China Merchants poised to enter private bank top 10
The private banking arm of mainland-headquartered China Merchants Bank (CMB) remains on course to become one of the world's biggest private banks by assets under management.
That is the upshot of a survey published on May 20 that reinforces the importance of Asia as a source growth for the industry and dovetails with the bank's reported aim to become the largest private bank in Asia.
In the latest Scorpio Partnership ranking of private banks by global assets under management (AUM), CMB moved up two places to 13th compared with a previous list published nine months earlier (see table below).
Assets under management for the Chinese private bank hit $292 billion in 2017, up 22.55% from the previous year, according to the consultancy.
“CMB has been leveraging on its strength to grow its AUM. At the rate they are growing, it is possible they could be in the top 10 three years down the road or even earlier,” Sean Kang, director of wealth management for Asia Pacific at Scorpio Partnership, told AsianInvestor.
CMB has come a long way since starting its first private banking service in Shenzhen in 2007; by 2012, it was building an offshore private banking platform in Hong Kong through wholly owned subsidiary Wing Lung Bank.
The bank has an overseas private bank presence with an office in New York, which it opened in April 2016, and in Singapore, which it opened in April 2017, as AsianInvestor reported previously.
“Apart from capitalising on the growth in wealth in China itself, Chinese private banks are also starting to expand throughout the rest of Asia, which is likely to provide a further leg-up to their asset growth,” noted Caroline Burkart, London-based director at Scorpio Partnership.
According to the World Wealth Report 2017 by CapGemini, the number of Chinese classified as high-net-worth individuals (HNWIs) grew by 9.1% to 1.1 million in 2016, when their collective wealth grew by 9.8% to $5.8 trillion.
With domestic Chinese wealthy clients increasingly seeking to diversify overseas, private banks have little choice but to follow the money, she told AsianInvestor.
Nevertheless, as these local giants move out of what is essentially a highly protected market and venture into foreign markets, they will come head-to-head with global players who have longevity in managing wealth, boast a global reach and strong expertise, and offer a full range of investing capabilities.
“It will be interesting to see how that plays out,” Burkart said.
Other Chinese private banks are also expected to continue their upwards march in the global rankings.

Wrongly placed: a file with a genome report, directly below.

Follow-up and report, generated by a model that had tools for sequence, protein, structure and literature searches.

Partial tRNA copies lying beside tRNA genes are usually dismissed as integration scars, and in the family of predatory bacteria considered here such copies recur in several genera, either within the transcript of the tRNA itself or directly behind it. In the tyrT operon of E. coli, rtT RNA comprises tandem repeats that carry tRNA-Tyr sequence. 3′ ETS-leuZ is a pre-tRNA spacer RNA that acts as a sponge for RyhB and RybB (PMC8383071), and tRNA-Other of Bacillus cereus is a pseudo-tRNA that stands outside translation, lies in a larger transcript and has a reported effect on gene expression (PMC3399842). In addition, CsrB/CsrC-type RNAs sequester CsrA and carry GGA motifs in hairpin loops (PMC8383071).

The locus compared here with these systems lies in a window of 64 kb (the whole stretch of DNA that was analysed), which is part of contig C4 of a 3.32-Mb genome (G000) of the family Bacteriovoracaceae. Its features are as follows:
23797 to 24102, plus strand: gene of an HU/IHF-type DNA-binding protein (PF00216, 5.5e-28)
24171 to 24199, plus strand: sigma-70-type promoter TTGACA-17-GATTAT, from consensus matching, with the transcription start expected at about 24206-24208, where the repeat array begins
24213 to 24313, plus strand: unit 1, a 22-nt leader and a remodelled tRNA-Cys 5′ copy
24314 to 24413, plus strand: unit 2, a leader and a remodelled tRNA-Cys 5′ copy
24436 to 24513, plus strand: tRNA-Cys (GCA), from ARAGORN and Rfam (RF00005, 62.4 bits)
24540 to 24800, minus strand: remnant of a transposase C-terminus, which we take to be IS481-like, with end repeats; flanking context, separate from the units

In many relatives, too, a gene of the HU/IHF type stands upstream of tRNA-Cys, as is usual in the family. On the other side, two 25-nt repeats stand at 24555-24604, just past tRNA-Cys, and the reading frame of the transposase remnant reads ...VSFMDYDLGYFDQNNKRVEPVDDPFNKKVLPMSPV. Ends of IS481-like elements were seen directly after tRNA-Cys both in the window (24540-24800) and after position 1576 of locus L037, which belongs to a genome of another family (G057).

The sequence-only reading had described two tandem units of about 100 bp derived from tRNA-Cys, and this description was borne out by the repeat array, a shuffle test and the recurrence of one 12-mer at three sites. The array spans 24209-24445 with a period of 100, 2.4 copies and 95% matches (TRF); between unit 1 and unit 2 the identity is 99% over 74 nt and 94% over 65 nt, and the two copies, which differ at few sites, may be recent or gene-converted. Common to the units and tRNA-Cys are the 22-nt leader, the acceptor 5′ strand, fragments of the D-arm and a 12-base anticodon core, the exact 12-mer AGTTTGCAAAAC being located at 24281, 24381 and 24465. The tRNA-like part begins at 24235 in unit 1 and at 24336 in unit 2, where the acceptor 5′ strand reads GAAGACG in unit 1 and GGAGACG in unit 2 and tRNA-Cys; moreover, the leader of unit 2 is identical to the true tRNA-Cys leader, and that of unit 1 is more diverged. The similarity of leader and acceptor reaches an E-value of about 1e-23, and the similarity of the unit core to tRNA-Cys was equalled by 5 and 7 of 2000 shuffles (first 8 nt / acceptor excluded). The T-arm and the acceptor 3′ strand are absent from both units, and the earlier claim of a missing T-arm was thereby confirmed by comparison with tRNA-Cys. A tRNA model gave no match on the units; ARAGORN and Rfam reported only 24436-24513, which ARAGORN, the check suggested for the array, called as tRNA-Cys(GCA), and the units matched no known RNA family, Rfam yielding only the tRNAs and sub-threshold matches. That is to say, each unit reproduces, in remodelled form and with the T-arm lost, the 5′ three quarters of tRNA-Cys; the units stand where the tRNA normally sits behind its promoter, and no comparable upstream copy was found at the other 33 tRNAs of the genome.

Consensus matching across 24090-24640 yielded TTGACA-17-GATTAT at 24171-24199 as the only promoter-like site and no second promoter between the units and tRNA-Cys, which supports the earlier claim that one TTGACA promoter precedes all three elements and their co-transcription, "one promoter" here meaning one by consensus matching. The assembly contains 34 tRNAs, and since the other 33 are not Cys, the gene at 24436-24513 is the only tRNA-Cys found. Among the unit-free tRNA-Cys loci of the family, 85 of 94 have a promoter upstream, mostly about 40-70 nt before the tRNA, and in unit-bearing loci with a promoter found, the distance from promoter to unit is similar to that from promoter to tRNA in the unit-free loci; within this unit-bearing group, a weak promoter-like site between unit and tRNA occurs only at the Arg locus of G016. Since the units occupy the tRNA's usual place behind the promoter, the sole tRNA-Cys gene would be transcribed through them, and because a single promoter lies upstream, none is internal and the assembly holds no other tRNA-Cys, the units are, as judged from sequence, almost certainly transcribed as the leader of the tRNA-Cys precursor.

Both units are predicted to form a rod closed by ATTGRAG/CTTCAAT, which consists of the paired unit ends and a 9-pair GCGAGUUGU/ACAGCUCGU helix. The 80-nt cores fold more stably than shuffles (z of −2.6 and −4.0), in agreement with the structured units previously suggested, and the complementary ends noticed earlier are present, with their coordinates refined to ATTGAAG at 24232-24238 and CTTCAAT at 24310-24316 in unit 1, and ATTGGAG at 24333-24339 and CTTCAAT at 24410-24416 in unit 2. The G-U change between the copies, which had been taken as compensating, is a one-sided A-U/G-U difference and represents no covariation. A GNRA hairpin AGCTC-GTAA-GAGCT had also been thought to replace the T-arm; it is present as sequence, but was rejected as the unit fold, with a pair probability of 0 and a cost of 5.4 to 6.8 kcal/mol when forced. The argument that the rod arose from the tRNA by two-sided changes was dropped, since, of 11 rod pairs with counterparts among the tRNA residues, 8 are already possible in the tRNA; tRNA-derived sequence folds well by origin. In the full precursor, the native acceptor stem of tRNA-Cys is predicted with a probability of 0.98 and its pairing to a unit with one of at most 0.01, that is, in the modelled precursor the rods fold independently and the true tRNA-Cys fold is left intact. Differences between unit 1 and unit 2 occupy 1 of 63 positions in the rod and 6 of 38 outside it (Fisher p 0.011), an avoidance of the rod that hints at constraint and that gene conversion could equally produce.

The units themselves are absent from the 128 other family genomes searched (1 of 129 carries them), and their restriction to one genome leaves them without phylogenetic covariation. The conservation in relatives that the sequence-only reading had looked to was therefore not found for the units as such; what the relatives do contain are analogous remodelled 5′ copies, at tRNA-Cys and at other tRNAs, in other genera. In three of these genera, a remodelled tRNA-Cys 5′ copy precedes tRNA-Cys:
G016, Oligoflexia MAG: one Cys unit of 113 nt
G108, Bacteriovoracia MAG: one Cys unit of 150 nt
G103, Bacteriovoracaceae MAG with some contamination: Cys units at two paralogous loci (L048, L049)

ASIA DRIVING GROWTH
The presence of Chinese banks is not the only notable theme highlighted in the top-25 list of private banks. The other point worth noting is that many of the fastest-growing global private banks owe much of their growth to Asia.
“Asia remains a key growth driver for many of the large global private banks, such as UBS, Credit Suisse, JP Morgan and Julius Baer,” Kang said, adding that AUM growth in Asia for many of these private banks was much higher than global AUM growth.
Assets from Asia for Julius Baer in 2017, for instance, totalled $26.6 billion, up 29% from the previous year. Globally, AUM was up 19.8%, according to Scorpio Partnership data.
In its annual report for 2018, the Swiss private bank, which calls Asia its second home market, said it is focusing on five key markets to achieve organic growth: mainland China, Hong Kong, Indonesia, Singapore and India.
It’s a similar story for UBS, the largest private bank in the world, whose assets expanded by a strong 29% to $373 billion in Asia, according to its annual results for 2017, even as global AUM grew by 17%.
“A strong presence in Asia is helping companies experience growth rates closer to 20%, as opposed to those who don’t see the region as a focus area,” Kang said.
There are a few notable exceptions to the Asia-focused rule: the private banking arms of Bank of America, Wells Fargo, and Royal Bank of Canada, which ranked third, fourth and fifth on the Scorpio Partnership list, are much more dominant in North American markets than in Asia.
Still, as Kang points out, their growth rates are lower compared with banks with a stronger Asia presence.